This is the first post of the series.
The recent cases of bullying at Shuqun Secondary School and death of of a Spectra Secondary female student due to possible bullying sparked a huge furore and widespread concern among the local parents. What was interesting for the first case was that there were the victim apparently knew martial arts but chose not to retaliate. Rather, he was painted as someone of mental strength as he ‘chose to suffer’ rather than to return blows to hurt the boy. The second interesting tidbit was that the adjunct teacher was actually present all along … so why did he let the bullying take place?
There are many factors that take place here but it is difficult to explore all in one post.
Thus, this is a series of posts on the perception of bullying in Singapore.
Bullying is one of the hardest things children have to go through. It seems to take place everywhere… from preschools to universities and even at work. I’m sure that you may know someone, or even yourself, to be a victim of bullying. When I was teaching, I encountered several cases of bullying reported by both students as well as teachers. In the past, bullying was confined to the physical environments such as schools. Now, with the explosion of social media, cyberbullying has become extremely rampant among the students and adults.
When I spoke to the victims involved, I realised that there are generally 3 categories they would fall in. They would be:
(a) believing that bullying is a norm
(b) learning to cope or live it as they happen to be ‘sway’ (unlucky)
(c) feeling tormented by it
When bullying occurs, there are usually bystanders involved. What is interesting is that teachers are usually oblivious to most of the bullying in schools – sometimes by choice (but more on this on a later post).
Types of Bullying
What are the types of bullying that take place in primary and secondary schools? The bullying tactics would be:
- made fun of, insulted or be called names
- rumours spread about them
- threatened with harm
- pushed, shoved, trupped, slapped or spit on
- forced to do things they do not want
- excluded from activities on purpose
- had their property destroyed or stolen on purpose
Why do Schools not Notice the Bullying?
There are many reasons why bullying occur and sometimes they just slip past teachers. Here are some case studies:
Student A was always deemed as the troublemaker in Secondary 1. He tried to get attention by doing strange things or even not handing up homework. Needless to say, he incurred the ire of both his form teacher as well as students. The teacher started picking on him for small matters as he was irritated by Student A and the male students in class began to follow. Unsure of what to do, Student A continued his tirades and only smiled in response. By Secondary 2, Student A decided to clean up his act but the form teacher and classmates did not let up. However, as the year went by, the jeering became too loud and it was only then he seek help from the new co-Form Teacher assigned to his class. Only when the new teachers spoke to the class and they admitted he had improved that they let him off.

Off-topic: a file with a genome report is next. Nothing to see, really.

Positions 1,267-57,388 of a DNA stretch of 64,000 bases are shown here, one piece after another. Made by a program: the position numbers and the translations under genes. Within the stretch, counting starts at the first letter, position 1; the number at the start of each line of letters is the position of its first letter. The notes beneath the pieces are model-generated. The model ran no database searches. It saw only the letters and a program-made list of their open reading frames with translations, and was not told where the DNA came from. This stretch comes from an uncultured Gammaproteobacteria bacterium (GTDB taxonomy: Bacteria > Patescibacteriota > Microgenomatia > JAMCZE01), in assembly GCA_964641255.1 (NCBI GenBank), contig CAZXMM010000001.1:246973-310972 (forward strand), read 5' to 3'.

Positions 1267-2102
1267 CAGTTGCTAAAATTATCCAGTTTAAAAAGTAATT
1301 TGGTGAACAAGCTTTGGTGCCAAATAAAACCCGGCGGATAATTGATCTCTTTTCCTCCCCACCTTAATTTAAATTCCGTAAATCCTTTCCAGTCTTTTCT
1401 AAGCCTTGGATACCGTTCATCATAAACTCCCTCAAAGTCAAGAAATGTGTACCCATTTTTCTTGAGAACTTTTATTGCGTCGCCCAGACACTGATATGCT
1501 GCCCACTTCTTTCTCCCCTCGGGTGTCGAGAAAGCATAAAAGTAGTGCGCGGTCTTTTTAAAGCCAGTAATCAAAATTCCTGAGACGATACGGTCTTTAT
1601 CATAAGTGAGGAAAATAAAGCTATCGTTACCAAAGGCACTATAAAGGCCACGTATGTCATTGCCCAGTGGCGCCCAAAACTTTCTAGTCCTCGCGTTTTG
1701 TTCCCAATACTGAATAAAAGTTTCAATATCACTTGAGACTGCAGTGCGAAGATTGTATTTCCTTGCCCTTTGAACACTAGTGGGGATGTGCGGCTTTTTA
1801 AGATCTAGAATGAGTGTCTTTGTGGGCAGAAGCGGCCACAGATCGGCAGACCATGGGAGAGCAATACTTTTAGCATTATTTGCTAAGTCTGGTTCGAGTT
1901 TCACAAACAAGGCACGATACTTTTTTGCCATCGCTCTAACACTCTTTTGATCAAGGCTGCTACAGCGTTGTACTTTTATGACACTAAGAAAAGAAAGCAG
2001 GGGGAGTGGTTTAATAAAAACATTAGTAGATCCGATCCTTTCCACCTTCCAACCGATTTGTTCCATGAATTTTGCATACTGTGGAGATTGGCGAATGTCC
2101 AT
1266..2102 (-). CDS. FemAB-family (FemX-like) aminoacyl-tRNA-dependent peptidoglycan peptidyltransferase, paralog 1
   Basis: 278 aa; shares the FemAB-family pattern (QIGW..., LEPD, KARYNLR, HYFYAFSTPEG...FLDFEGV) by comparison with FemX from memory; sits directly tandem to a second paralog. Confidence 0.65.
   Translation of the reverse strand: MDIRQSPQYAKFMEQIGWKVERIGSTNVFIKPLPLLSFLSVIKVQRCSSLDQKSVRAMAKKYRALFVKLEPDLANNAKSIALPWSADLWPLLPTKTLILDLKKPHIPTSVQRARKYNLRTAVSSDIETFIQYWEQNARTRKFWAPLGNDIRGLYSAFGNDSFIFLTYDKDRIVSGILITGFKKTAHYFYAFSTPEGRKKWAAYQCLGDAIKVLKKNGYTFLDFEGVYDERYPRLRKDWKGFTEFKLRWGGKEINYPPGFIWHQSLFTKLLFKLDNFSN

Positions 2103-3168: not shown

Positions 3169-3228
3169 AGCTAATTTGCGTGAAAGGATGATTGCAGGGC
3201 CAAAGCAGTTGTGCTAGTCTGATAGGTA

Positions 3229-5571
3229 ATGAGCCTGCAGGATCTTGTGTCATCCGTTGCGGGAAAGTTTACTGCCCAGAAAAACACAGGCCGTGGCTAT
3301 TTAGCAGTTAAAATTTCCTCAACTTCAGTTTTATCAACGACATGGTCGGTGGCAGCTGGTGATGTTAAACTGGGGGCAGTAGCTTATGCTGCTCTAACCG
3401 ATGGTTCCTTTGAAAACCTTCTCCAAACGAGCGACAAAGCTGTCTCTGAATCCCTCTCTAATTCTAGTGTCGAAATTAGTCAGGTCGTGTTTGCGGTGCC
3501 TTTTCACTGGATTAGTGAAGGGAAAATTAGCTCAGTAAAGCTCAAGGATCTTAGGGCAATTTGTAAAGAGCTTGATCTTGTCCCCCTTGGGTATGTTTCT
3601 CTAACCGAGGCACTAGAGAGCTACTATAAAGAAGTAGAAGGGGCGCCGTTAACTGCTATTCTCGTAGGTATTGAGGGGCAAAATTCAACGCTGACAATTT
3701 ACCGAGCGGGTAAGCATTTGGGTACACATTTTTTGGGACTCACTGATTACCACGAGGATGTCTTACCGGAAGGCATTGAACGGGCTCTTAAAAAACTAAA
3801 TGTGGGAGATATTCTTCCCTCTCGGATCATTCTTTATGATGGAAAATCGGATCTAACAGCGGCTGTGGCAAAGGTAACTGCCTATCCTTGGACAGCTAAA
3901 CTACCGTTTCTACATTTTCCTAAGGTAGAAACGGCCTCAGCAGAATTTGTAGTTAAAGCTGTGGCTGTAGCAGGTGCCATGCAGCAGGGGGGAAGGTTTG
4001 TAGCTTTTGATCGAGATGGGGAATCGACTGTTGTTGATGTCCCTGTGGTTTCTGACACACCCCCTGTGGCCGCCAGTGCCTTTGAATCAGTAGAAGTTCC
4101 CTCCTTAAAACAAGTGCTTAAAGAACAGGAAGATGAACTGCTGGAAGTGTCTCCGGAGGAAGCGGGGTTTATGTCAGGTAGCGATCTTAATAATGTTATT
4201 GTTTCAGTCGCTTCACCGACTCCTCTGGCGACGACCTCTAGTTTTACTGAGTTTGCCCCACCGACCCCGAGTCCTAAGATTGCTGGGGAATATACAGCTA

Student B had always seen herself as the “big sister” of the school as it was amusing and to protect herself. She would cut queues of younger students or make them buy things for her. She claimed that she was not a bully as she had never believed in harming people physically. She believed that differences among her friends and those outside her clique should be settled via ‘slaps’ or ‘catfights’. While teachers were aware she could be a handful, she made sure never to let the teachers find out of what she had done.
Student C was a very pretty but quiet girl. When she unwittingly attracted the attention of a boy which an extremely popular girl had her eye on, the latter made sure to spread rumours, excluded her from activities and called her mean names. What was worse was that they were from the same class. When Student C told her parents, she was told to ignore it. However, as time went by, Student C started skipping classes so as not to face them. Somehow, Student C never thought of looking for a teacher. Her friends did not suggest it even though they were aware of her problems.
Student D had many issues at home. Angered and overwhelmed, he changed for the worse when he was in Secondary 2. For some reason, he felt the thrill of hitting students. He hung out with another student and they hid in the dark corners to pounce on unsuspecting students to punch them squarely on the jaws to show a strength of might. It was not until the victim’s parents saw the bruises that the school was notified.
These cases are very common. In fact, it can be found across the globe. In the next post, we take a look at the statistics of victims of bullying in Singapore.